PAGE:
MORE than a century ago, Virchow1 pointed out the difficult problems often encountered when attempting to diagnose subdural hemorrhage. Unfortunately, not all of the problems have been solved.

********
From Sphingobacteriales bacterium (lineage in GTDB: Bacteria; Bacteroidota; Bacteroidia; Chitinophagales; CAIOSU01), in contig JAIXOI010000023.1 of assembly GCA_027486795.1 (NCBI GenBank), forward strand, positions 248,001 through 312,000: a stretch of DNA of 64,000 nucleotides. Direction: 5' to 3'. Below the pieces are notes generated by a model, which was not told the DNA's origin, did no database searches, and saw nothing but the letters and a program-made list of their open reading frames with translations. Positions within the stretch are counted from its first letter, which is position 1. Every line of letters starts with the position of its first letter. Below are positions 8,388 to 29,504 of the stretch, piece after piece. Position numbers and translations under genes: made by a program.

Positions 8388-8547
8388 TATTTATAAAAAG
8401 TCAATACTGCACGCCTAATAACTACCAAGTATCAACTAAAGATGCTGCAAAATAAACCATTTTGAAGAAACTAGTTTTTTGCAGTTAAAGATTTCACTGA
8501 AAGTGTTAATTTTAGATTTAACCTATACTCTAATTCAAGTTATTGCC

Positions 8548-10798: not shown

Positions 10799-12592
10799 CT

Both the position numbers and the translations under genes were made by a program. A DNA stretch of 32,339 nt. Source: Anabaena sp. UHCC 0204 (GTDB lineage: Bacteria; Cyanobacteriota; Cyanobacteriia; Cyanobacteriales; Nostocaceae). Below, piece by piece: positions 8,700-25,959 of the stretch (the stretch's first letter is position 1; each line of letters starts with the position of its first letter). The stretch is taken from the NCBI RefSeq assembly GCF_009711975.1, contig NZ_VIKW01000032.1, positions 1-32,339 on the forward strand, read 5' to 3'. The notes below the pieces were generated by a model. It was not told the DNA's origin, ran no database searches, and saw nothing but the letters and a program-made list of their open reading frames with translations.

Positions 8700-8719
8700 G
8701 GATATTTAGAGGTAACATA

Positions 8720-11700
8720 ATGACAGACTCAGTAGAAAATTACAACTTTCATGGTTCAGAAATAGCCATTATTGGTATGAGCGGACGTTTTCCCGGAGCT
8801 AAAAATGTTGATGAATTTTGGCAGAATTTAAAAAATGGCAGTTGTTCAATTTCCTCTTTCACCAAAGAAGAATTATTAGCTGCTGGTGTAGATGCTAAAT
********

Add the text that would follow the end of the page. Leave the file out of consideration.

The electroencephalogram now has become a valuable and practical supplement to the clinical neurologic evaluation for diagnosis of intracranial lesions, and it has been widely used for assessment of cerebral function after head injury. In 1940 Jasper and co-workers2 found low-amplitude activity in EEGs recorded from scalp areas overlying subdural hematomas; in the same year Walter3 reported the occurrence of abnormal slow (delta) activity overlying epidural hematomas. Since that time, most investigators have found a high proportion of abnormal EEGs associated with either subdural or epidural hematomas,4,5 but there has been disagreement regarding the relative importance of the different types of EEG abnormality for diagnosis and localization of these lesions. Some authors6-12 have emphasized the localizing